THE EARLY MONTHS OF 2007 have been a bit treacherous for community colleges. Several reports have concluded that while these institutions must be admired for making higher ed accessible, they aren't ensuring that enough students graduate or transfer.
The world has changed dramatically in the last decade and business is now more global than ever before. Just pick up the phone at work to call tech support, and the person on the other end of the line might be from India. Join a U.S. firm and it will likely have offices overseas, requiring employees to not only communicate but establish trusting relationships with international workers.
Mention "susceptibility testing on staphylococcus epidermidis," and community colleges don't quickly come to mind. The same goes for "hydrogen fueling," "protein crystallization," or academic journals about the teaching of English.
In North Carolina, two-year colleges have taken in a vast number of laid-off workers in the last decade. The number of unemployed students in North Carolina's 58 community colleges rose from 40,000 in 1999 to 109,917 in 2004-nearly 175 percent. As the state's manufacturing jobs have dwindled, community colleges have provided much-needed next stops for many people.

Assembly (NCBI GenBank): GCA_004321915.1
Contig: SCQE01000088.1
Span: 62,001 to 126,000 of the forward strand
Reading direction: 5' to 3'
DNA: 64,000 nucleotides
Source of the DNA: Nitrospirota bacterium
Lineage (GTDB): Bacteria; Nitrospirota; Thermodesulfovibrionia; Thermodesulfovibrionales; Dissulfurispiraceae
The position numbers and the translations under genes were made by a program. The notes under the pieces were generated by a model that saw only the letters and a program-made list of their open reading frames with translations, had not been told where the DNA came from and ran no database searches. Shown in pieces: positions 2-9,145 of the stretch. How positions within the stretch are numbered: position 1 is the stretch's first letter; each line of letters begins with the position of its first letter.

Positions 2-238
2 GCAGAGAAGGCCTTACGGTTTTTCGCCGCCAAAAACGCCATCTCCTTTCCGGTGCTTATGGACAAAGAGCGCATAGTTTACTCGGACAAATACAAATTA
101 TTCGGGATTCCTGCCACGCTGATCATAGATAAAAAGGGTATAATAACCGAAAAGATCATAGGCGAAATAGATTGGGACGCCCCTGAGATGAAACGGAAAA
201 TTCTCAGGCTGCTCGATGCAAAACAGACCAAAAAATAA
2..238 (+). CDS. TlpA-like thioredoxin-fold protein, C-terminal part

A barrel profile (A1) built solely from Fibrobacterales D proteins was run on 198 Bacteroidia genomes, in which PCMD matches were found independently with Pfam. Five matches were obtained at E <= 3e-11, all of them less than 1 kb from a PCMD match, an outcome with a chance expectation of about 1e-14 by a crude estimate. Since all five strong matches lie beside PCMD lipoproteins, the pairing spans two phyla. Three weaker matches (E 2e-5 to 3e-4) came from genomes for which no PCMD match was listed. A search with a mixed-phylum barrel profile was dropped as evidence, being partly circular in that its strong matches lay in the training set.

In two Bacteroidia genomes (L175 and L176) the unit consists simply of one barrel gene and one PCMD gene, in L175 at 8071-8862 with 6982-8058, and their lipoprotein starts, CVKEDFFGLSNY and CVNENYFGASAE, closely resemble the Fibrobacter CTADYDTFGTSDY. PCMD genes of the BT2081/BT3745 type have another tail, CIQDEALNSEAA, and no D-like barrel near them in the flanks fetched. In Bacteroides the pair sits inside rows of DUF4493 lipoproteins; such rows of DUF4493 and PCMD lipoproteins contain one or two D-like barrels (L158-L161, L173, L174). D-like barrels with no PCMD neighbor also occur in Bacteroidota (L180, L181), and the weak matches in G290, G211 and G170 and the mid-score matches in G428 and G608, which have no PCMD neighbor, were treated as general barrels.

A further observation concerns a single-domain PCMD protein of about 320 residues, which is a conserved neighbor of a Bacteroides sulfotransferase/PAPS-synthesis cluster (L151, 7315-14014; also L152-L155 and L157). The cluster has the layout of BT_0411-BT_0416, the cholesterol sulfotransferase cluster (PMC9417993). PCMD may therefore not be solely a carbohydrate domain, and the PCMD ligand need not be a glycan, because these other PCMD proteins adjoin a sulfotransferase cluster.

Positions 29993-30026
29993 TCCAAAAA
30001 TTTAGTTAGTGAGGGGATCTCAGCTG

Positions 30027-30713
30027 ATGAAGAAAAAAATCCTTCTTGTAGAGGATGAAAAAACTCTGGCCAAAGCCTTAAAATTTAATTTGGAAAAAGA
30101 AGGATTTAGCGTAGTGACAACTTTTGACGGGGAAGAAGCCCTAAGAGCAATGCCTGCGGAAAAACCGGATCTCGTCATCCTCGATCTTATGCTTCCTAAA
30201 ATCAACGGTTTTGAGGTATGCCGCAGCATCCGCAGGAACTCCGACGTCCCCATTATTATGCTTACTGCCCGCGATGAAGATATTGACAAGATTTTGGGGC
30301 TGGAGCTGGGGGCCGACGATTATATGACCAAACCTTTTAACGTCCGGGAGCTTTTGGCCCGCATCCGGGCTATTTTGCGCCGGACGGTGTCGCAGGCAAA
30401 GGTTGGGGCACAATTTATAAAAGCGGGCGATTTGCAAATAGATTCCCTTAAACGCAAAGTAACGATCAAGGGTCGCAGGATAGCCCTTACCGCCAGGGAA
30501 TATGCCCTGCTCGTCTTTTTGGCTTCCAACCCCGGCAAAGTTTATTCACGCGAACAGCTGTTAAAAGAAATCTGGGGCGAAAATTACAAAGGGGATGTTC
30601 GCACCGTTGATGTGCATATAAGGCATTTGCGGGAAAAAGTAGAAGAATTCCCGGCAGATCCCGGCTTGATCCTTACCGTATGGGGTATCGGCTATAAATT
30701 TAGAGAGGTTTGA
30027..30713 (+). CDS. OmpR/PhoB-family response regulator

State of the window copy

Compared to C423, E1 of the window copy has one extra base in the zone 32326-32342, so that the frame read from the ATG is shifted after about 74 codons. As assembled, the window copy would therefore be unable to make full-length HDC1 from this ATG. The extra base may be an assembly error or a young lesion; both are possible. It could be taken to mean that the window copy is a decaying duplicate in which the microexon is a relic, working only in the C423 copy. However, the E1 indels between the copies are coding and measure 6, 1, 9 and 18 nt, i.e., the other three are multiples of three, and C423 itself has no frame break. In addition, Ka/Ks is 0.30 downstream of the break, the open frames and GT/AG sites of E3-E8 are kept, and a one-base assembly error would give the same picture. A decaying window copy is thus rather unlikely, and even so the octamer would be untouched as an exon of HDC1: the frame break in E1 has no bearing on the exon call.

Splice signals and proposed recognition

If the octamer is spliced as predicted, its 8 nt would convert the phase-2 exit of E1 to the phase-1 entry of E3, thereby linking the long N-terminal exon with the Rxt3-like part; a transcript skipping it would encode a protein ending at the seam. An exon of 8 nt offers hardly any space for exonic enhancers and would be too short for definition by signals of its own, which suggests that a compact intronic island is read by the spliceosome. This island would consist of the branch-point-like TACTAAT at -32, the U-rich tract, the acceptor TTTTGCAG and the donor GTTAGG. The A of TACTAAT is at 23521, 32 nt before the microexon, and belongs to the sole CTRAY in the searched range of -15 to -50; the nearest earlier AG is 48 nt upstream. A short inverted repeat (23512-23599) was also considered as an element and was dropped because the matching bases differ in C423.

In 1992, a two-year institution then known as Utah Valley Community College set out to launch degree programs at the baccalaureate level. The college already offered many paths to associate's degrees, but Utah County had exactly zero public four-year institutions to which students could transfer.
This month, University Business kicks off this bimonthly column focusing on the realm of community colleges. Like other parts of the magazine, the column will offer advice and comments from college leaders, data, and real-world examples on issues and solutions of interest to any IHE decision-maker.